BOISE — The Idaho Supreme Court has ruled that the parents of a girl who committed petit theft can’t be forced to undergo drug tests as a condition of their daughter’s probation.
In the unanimous ruling Tuesday, the high court found that while state law allowed a Kootenai County juvenile court judge to require that the parents undergo random drug testing, the practice violates the U.S. Constitution’s protection against unreasonable searches.
The Idaho Supreme Court justices said that even though the daughter had committed a crime, the parents didn’t have any diminished expectation of privacy.
The parents were referred to as John Doe and Jane Doe II in the case to keep their daughter’s identity from being revealed.
The case began in 2005, when the parents appeared without an attorney in magistrate court with their daughter, who was a minor. The daughter admitted to two counts of petit theft, and was put on probation at her disposition (the juvenile court equivalent of a sentencing) a month later.
But the judge decided to impose some terms on her parents as well, because an investigation done in preparation for the disposition showed that the parents had a history of drug abuse and that the mother was on probation for possession of marijuana drug paraphernalia.
Magistrate Judge Robert Burton asked the parents about their drug use, according to court records, and both said they’d used marijuana. As a result, Burton required both parents to undergo random drug tests as a term of their daughter’s probation.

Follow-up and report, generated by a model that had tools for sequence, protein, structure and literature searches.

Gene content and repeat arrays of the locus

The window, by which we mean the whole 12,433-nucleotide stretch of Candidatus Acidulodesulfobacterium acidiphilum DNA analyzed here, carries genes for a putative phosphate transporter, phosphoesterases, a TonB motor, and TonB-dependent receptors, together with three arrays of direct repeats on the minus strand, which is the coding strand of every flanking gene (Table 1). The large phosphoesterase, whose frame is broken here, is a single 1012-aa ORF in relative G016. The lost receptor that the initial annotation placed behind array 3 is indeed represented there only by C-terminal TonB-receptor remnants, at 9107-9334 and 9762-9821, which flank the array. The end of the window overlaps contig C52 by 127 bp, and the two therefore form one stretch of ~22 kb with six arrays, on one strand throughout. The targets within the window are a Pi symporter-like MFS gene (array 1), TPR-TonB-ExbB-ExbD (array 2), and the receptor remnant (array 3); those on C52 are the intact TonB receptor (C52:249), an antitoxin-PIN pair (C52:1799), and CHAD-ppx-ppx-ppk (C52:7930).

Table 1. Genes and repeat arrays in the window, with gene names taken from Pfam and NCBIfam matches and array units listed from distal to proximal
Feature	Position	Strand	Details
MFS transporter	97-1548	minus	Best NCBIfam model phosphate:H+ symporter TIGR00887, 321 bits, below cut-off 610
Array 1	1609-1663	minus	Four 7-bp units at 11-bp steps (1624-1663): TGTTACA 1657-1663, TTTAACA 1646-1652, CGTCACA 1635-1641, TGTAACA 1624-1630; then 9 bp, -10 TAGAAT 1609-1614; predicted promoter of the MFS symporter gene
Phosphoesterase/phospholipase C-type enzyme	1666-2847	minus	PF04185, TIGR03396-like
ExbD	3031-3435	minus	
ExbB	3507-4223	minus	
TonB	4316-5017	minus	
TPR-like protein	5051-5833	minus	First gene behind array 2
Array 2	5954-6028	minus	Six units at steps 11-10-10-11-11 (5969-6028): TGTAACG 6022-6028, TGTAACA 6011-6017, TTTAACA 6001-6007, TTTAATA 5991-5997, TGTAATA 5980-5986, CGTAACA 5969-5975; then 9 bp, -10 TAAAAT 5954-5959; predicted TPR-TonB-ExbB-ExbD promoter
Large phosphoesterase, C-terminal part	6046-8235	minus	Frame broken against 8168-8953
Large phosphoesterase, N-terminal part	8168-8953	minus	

Some time later, the daughter was found to have violated her probation for various reasons — none of them involving drugs — and her parents tested positive for marijuana. Burton continued the girl’s probation and again required the parents to undergo random drug tests, warning them they could be subject to contempt of court proceedings if they used drugs.
But this time around, the parents refused to sign the court’s probation order and appealed the terms of probation.
The Idaho Supreme Court justices said the lower court judge’s intentions were laudable and met the goals of Idaho’s state laws designed to help juveniles become contributing members of society. And the high court said that under state law, the lower court was correct: “… the legislature gave magistrates the discretion to require drug testing for parents, at least where it is apparent that drug use is a feature of home life,” Justice Warren Jones wrote for the court. “Drug use by a minor’s parents could reasonably detract from the minor’s education and rehabilitation.”
Still, the high court found the probation order violated the parents’ Fourth Amendment rights because it intruded on their bodily privacy.
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